Environment: Tropical. Water temperature 72-78 degrees Fahrenheit
Breeding: Egg layers
The trigger fish is a tropical reef fish that is among the hardiest of species. It does well and adapts quickly to aquarium life.
Environment for the trigger fish:
This fish can live successfully in a variety of tanks. However, tall or narrow tanks should not be used. An adequately sized aquarium will depend on the species of trigger fish that is going to inhabit it. It is also important to keep in mind the other tank mates that may be present. A larger, roomier tank will allow for a happier, community setting as certain types of trigger fish may become aggressive, especially in small spaces. Triggers can live with other fish, but room mates should be chosen carefully and owners should follow any stock orders given by the supplier. Odd shaped tanks are also not conducive to a happy life for these tropical reef fish.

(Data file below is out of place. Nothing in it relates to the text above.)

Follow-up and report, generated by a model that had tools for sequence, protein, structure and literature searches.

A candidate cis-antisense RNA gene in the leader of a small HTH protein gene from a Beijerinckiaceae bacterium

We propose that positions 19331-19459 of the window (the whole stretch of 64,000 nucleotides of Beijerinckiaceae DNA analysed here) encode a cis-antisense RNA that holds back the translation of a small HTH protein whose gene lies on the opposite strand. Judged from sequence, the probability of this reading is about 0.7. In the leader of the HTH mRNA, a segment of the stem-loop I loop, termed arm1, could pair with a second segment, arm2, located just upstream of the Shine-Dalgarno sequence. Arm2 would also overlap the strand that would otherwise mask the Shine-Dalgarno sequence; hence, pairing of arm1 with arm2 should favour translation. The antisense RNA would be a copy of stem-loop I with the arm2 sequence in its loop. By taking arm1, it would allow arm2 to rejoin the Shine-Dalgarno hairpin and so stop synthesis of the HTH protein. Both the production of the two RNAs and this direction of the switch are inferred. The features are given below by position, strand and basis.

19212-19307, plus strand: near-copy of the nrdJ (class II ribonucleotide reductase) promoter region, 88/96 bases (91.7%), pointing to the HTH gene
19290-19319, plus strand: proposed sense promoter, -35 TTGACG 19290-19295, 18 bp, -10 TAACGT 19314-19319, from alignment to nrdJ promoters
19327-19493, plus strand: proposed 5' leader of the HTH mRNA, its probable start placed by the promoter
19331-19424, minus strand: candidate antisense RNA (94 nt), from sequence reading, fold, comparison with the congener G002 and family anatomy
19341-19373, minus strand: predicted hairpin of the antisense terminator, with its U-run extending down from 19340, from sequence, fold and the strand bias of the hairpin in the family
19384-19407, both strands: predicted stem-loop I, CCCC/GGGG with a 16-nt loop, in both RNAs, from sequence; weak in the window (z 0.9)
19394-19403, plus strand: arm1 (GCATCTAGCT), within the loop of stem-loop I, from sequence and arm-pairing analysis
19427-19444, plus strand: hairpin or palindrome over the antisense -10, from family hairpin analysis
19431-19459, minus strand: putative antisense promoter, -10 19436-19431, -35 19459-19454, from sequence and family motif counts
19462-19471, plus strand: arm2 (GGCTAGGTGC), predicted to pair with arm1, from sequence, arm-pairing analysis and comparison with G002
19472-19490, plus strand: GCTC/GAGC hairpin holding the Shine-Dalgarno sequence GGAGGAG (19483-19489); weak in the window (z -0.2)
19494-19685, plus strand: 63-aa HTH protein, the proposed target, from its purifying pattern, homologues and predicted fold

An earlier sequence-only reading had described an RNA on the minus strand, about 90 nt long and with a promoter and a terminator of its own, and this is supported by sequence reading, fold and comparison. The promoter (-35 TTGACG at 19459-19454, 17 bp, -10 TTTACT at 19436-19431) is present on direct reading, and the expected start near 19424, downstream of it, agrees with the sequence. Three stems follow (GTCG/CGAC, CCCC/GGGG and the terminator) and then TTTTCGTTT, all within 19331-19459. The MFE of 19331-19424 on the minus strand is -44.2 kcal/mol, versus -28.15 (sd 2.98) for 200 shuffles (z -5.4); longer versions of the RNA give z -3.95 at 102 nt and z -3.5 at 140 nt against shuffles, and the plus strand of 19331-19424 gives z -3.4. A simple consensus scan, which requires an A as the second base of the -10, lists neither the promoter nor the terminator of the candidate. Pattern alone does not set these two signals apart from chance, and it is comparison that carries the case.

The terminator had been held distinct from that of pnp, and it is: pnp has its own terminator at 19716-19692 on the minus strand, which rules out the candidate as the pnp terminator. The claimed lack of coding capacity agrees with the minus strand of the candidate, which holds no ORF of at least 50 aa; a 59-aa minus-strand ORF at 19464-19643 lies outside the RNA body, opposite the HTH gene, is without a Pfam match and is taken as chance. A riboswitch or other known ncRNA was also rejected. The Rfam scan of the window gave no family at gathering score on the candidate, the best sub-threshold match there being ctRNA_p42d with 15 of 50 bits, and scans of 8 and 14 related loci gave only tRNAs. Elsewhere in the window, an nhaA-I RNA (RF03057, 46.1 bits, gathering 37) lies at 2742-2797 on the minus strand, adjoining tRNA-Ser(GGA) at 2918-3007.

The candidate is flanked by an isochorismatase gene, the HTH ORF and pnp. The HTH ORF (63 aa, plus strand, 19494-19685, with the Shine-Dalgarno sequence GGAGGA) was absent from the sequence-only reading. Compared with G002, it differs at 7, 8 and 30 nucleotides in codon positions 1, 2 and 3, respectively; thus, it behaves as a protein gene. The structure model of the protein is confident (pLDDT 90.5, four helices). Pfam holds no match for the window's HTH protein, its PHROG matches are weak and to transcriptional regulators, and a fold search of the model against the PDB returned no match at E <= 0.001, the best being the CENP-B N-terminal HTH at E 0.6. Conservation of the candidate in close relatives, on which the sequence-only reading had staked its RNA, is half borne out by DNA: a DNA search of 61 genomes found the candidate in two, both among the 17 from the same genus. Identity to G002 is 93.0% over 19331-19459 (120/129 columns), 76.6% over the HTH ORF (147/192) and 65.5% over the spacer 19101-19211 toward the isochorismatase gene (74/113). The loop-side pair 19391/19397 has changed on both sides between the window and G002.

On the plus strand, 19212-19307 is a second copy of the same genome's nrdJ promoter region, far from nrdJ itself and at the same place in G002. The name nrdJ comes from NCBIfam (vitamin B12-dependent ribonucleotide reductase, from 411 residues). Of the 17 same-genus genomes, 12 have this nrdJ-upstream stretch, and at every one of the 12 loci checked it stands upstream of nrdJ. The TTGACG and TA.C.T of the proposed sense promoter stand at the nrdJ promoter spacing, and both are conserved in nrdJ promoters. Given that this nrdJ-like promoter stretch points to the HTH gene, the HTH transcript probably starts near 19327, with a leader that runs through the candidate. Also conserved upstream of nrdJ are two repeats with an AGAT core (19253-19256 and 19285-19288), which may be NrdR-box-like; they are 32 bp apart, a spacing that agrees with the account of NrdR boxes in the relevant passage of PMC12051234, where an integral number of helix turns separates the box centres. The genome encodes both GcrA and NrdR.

Feeding your trigger fish:
Feeding these fish can be super easy. In their natural habitat, triggers will browse among the reef and coral for snails, crabs and other small fish. In captivity they will accept a vast array of fish food, whether it is fresh, frozen or previously prepared. In fact, trigger keepers can even shop at the local seafood counter at the grocery store. Bite size pieces of fresh fish, squid, crab and more can be hand fed to the fish. Supplementing periodically with vitamins is key to ensuring that the trigger maintains a healthy diet.
Trigger fish breeding
While breeding is not an extremely common practice among captive trigger fish, some species have been known to reproduce in very large tanks. It is possible but not guaranteed. Females will create a nest in the sand and lay eggs. These eggs are not free floating so any shaped aquarium can successfully protect and promote the birth of new fish.
Diseases of trigger fish
The good news is that this type of tropical reef fish is by far one of the most hardy species. These aquatic animals are extremely resistant to disease. However, they can occasionally be affected by saltwater ick. But with just a bit of extra care and attention, this can be cleared up quite successfully with no detrimental effects.